In Petra Ahnert’s wonderful book Beehive Alchemy, of the fifty or so recipes involving bee products, only three include propolis (salve, toothpaste and throat lozenges). So it appears (for now, at least) that propolis is far more useful to the bees that it is to us.
And in my opinion, that’s really okay.
Featured image: Propolis found at the edge of a beehive. Photo courtesy of beeinformed.org.
(1) Red Propolis: Phenolics, Polyphenolics, and Applications to Microbiological Health and Disease, (Irlan A. Freires, … Bruno Bueno-Silva, in Polyphenols: Prevention and Treatment of Human Disease (Second Edition), 2018)
(2) A worldwide yearly survey of new data in adverse drug reactions and interactions N.H. Choulis, in Side Effects of Drugs Annual, 2012 (entry on Propolis)
An ashlar is a large stone hewn to square sides, for use in building or laying pavement. It also refers to the particular method of stone masonry called ashlar or ashlar-work, which makes use of hewn stones, often made to a specific proportion, as opposed to rubble-work, which makes use of unhewn stone.
According to The Stonemason and the Bricklayer, a manual from 1891, by the self-described (but unnamed) editor of the “Industrial Self-Instructor”:
“The stones for the best class of [ashlar] work should be carefully proportioned, the length, depth and breadth having what is called a harmonious relation to each other [a proportion further described in the book].”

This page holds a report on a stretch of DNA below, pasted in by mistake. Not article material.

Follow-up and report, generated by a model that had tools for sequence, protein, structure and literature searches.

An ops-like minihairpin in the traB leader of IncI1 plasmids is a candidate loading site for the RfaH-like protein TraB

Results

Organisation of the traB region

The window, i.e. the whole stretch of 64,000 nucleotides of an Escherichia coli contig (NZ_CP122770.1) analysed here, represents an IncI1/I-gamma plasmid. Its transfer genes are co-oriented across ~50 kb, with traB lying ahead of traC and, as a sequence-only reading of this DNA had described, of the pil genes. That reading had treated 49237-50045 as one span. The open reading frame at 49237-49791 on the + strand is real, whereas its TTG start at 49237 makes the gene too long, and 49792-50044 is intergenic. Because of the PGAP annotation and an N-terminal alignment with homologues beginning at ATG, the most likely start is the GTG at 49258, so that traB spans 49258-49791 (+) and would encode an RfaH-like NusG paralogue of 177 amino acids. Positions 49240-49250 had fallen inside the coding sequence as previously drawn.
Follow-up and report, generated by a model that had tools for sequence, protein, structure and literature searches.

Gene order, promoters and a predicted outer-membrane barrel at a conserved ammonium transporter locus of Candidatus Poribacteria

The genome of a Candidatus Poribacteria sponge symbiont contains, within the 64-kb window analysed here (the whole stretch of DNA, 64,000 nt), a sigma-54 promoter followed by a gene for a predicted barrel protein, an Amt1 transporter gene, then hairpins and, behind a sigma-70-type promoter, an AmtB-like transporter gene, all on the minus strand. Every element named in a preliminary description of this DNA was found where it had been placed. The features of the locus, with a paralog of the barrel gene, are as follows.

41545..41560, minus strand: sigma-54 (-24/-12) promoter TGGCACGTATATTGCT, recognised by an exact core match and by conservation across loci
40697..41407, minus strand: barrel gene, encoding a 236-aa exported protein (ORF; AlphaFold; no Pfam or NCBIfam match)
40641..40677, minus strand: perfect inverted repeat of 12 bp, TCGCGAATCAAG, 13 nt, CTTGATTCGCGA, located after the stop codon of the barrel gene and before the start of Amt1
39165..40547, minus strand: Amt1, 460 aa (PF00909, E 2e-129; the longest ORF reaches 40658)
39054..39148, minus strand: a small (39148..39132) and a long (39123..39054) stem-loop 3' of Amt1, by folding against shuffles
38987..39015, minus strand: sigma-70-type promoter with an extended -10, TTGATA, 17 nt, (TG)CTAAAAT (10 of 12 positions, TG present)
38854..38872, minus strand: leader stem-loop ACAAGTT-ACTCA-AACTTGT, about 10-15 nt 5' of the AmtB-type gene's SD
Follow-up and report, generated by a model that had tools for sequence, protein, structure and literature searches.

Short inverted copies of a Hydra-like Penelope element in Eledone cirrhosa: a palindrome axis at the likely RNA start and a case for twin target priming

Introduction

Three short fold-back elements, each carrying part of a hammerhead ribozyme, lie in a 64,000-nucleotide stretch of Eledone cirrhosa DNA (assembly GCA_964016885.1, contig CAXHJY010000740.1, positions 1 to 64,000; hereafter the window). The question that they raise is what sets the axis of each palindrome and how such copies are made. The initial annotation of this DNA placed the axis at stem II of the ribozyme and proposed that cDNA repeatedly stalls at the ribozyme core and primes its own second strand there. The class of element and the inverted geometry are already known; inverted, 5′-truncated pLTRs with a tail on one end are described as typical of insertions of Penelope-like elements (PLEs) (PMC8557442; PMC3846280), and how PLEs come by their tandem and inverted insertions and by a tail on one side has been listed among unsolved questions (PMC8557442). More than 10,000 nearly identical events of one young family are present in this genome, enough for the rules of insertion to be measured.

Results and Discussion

Anything less than this constitutes “sham” or “false” ashlar, which can only result in inferior and unstable stonework.
In literature from the Middle Ages, there are references to “ashlars” used as weapons, being hurled from fortress walls at attackers below. Whether they were made for this purpose, or the defenders were simply desperate enough to use the stones of their own buildings, I don’t know — either way, it would be a pretty effective missile.
The usefulness of ashlar-type stonework has certainly been recognized throughout many eras, and many parts of the world.
Today, ashlar work is still very much alive and well, though its definition (at least, according to the author quoted above) has been expanded to include a number of styles that include a variety of types of dressed stone.
Still, harmony, stability, and fine craftsmanship lie at the heart of ashlar stonework, with the aim of creating a structure that will stand for centuries and beyond.
Unless, of course, one is aiming simply to throw it at an enemy’s head.
Featured photo: ashlar wall of Palazzo Rucellai in Florence, Italy. Photo courtesy of Shutterstock.
Tales From a Cabinetmaker's Life
Your Guide to the Cottage Industry Revolution